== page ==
Horror Movies and Kids: A Scary Combination — Betsy Bozdech, with Brandy McDonnell, Jennifer Merin, Nell Minow and Liz Whittemore

Back in 2017, a CableTV survey about horror movies revealed, among other things, that the average age at which the (presumably adult) respondents saw their first horror movie was 7.2 years old. While that doesn’t necessarily mean that today’s kids are in the same boat, we’ve all noticed members of the PG crowd at decidedly R-rated movies. What is the level of fear they experience during these movies and how does onscreen blood and gore influence their social expectations.?

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ON THE COME UP – Review by Betsy Bozdech

Don’t be surprised if you find yourself thinking about The Hate U Give while watching actor Sanaa Lathan’s feature directorial debut On the Come Up. Both films are based on best-selling YA novels by Angie Thomas, both are set in Thomas’ fictional Garden Heights neighborhood, and both center the stories of Black teen girls who must decide when and how to speak up for what they believe in. But On the Come Up stands on its own merits as a compelling look at what it means to be authentic and true to yourself as an artist.

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AWFJ Presents: SIGN PAINTERS – Review by Betsy Bozdech

You’ve likely heard of artisanal bread, heirloom vegetables, and bespoke clothing — but odds are you’ve rarely given a thought to another carefully crafted legacy product: hand-painted advertising signs. Once a fixture of Main Streets and shop windows everywhere, they’ve been knocked out of the mainstream by cheap, fast printing technology. But as Faythe Levine and Sam Macon’s engrossing documentary Sign Painters makes clear, this is an art that still has a passionate following. Levine and Macon interview many of the sign-painting faithful, capturing their enthusiasm for color palettes, their passion for precision, and their firm belief that theirs is a skill far superior to anything a computer can produce. Anyone who finds niche subcultures interesting will be fascinated by this group of dedicated artists. Some of them are rough, some are gruff, many are unassuming while others are brashly outspoken, but they all love what they do.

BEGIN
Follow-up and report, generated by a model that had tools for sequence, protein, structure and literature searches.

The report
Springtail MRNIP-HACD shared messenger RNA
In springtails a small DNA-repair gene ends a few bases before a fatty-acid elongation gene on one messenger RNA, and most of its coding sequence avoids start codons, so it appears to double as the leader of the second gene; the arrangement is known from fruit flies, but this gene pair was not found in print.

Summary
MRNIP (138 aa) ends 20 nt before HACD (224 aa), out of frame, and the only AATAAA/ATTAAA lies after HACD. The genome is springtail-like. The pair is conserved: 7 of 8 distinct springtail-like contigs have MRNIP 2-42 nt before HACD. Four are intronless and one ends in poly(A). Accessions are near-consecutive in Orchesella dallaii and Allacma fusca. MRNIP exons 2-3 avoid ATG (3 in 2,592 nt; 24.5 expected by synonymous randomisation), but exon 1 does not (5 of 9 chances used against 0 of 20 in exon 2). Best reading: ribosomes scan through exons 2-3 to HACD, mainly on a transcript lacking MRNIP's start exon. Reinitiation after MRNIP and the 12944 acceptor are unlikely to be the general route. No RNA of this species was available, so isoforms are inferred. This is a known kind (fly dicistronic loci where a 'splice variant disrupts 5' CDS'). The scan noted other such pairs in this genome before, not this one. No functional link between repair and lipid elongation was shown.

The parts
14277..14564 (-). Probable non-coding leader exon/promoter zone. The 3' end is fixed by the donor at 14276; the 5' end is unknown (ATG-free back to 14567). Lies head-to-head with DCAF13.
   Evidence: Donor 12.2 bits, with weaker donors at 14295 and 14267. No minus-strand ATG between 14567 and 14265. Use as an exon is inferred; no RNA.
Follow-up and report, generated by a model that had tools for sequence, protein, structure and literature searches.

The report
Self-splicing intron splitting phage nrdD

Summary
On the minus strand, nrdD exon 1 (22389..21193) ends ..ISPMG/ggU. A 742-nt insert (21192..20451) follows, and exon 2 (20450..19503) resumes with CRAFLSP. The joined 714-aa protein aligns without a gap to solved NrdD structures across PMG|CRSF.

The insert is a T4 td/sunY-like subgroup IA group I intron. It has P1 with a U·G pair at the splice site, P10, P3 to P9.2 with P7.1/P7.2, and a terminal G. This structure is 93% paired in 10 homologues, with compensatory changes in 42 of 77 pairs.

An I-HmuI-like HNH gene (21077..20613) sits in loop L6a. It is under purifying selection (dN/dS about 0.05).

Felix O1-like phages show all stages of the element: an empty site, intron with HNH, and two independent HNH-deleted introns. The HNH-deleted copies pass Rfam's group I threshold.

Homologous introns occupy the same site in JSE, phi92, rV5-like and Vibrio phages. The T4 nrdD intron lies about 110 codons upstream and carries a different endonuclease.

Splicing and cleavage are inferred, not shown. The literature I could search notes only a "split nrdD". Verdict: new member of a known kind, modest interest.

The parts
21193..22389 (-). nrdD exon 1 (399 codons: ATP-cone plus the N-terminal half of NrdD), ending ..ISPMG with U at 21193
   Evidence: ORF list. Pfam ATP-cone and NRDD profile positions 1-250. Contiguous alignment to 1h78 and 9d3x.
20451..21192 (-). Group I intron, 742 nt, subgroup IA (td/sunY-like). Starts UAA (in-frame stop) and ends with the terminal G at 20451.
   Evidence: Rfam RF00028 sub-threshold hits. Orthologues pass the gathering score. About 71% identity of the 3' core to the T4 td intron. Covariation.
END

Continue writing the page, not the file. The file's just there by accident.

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Horror Movies and Kids: A Scary Combination — Betsy Bozdech, Brandy McDonnell, Jennifer Merin, Nell Minow and Liz Whittemore comment

Research shows that, on average, kids see horror movies as young as 7 years old. And we’ve all noticed members of the PG crowd at decidedly R-rated movies — in fact, when my daughter was in the second grade, she had multiple classmates who’d seen “It.” It’s not realistic to expect that we can shield kids from scary or gory content forever. And, in fact, it can be counterproductive to prevent children from seeing any kind of conflict, loss, or trauma on screen. Far better to use these moments, when they come, as opportunities to help them through hard stuff in a safe place.

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CINDERELLA – Review by Katie M. (Guest Post)